It’s still too hot to think here. It’s going to be even hotter than originally believed (I use the word advisedly; see below). The forecast for the next few days:
which made me think of this article in The Atlantic about planet-wide engineering solutions to global warming.
As the threat of global warming grows more urgent, a few scientists are considering radical—and possibly extremely dangerous—schemes for reengineering the climate by brute force. Their ideas are technologically plausible and quite cheap. So cheap, in fact, that a rich and committed environmentalist could act on them tomorrow. And that’s the scariest part.
The lunatics’ argument goes something like: Hey, we changed the earth’s climate (turned the last 200 years into the ‘anthropocene period’) so we should, y’know, just change it back. I assume I’m not the only person who trembles in her boots at such a thought. Don’t people learn anything? Just look at huge projects like the Three Gorges dam. They always, always have unexpected (usually miserable) consequences.
I’ve just read an interesting opinion piece in The New Scientist about attitudes to climate change. I’m too hot and cross to summarise the whole thing, but essentially the commentator explains why people in general don’t believe in climate change, and why that’s a bad thing. I think he’s mostly right, but forgets that people tend to believe what is convenient, and climate change–unless you’re an olive grower in England–is bloody inconvenient.
I tell you: I believe in climate change. It may hit 100 degrees here in Seattle on Wednesday. One hundred degrees. In Seattle.
10 thoughts on “the anthropocene period”
I like this term:
Speaking of potentially disasterous projects in environmental engineering, have you followed Bill Gates' aquisition of patents for hurricane control?
In his defense, someone on his team has been cited as saying that this would be a last resort thing, only for if climate change caused intolerably severe distruptions to weather patterns. (Though the patents are only for 18 years, so I'm skeptical about that explanation—nothing *that* huge has a significant possibility of happening in the next 18 years.)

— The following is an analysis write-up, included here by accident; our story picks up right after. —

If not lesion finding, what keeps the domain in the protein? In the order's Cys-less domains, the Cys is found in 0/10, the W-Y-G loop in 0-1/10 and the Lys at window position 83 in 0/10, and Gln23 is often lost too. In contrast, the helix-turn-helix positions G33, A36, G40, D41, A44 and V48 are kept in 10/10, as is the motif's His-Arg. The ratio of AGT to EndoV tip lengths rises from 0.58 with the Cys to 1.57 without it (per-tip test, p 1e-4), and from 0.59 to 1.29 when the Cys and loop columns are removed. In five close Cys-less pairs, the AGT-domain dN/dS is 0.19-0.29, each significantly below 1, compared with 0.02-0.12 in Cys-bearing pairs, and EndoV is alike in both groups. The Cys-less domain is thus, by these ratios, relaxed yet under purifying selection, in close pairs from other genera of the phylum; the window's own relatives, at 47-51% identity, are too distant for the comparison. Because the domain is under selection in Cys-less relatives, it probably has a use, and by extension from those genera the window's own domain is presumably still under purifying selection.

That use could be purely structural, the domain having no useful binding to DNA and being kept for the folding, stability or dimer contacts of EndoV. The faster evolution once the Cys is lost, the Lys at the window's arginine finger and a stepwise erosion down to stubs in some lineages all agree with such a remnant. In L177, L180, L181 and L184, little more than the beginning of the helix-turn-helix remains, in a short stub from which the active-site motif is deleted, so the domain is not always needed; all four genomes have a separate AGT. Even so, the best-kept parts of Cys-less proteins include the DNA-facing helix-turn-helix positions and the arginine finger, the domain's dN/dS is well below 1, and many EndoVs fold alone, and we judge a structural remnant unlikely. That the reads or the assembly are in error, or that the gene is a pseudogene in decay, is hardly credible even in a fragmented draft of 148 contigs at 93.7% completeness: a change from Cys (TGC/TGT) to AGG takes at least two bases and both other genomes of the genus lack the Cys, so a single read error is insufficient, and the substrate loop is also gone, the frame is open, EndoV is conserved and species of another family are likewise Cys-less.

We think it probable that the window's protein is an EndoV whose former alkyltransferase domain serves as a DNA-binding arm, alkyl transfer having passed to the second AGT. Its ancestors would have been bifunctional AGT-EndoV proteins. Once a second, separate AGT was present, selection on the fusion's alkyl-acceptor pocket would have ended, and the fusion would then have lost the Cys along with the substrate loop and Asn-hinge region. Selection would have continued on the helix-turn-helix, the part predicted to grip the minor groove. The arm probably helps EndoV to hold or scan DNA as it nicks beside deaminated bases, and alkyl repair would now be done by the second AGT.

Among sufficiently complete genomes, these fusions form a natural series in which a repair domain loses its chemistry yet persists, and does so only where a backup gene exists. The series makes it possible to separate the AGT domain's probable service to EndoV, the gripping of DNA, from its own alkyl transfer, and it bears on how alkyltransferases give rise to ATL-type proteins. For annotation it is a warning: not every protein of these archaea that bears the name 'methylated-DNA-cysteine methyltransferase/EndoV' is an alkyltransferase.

Yeah, we've got your weather — cool and rainy. I'm planting more rhododendrons.
Seriously, I think half the problem with people believing in climate change is the name. When it's colder than usual, it's hard to get people to believe in global warming. It's hard to see the larger picture when you're in the midst of local conditions that seem to belie what you're being told.
Well, from the bits I've researched for my futuristic WIP, it's not always that the temp gets hotter than usual. Things get crazy, weather-wise. Weather takes on more extremes–hotter when hot, colder when cold, more hurricanes and tornadoes, and things dry out dangerously, which is a major issue here in the West.
We're wetter and colder than normal. I realize that PA is the watershed for the both the Chesapeake Bay and the Ohio Valley, but our rain fall has been ridiculous. It rained again today. At least I don't have to water the garden, but still.
Yes, and here in Pennsylvania, as jennifer from pittsburgh states, it continues to rain…want to trade weekend weather — 100 degrees doesn't thrill me, but sun would? *would smile winningly, but realizes weather systems don't work like that* And, much like sex scenes at starbucks, I think the weather will just get weirder and wilder…so basically, I'm having a rare agreeable day (unlike the aforementioned weather) and weather systems don't work at all.
Years ago Ben Bova told me that the first signs of genuine global warming would be extreme weather, whether extra cold, extra hot, more hurricanes…just more extreme. Later would come the extra heat. Mordicai, I like your word.
THe problem I'm always tripping over is short-term thinking, it's related to electoral terms in office here. I've never liked it but have understood it until now when not only industry, suburbs or cities are at risk.
Last night I watched a usually benign BBC tv program which is popular here in Oz, Antiques Road Show. It was filmed in Humberside – can't remember the town but it was once several miles from the coast and is now only about one quarter mile from the coast. Do we actually have government?
mordicai, hadn't come across that one before.
wendy, I think our rhodies are moribund. We've fussed over them for 3 years but I think they're just fried.
jude, I love Antiques Roadshow. I haven't seen the ep you're talking about but it sounds like Hornsea.
Wisconsin has been cooler than usual. I don't think we've hit 90 yet and if we have, it was fleeting. Farmers Almanac is calling for a ten year cold spell. We're in year two….two winters ago we had seven feet of snow, last year not quite that, but close.
I tend to ise the term Global Climate Change too rather than Global Warming. Nothing warm about what's happening here.
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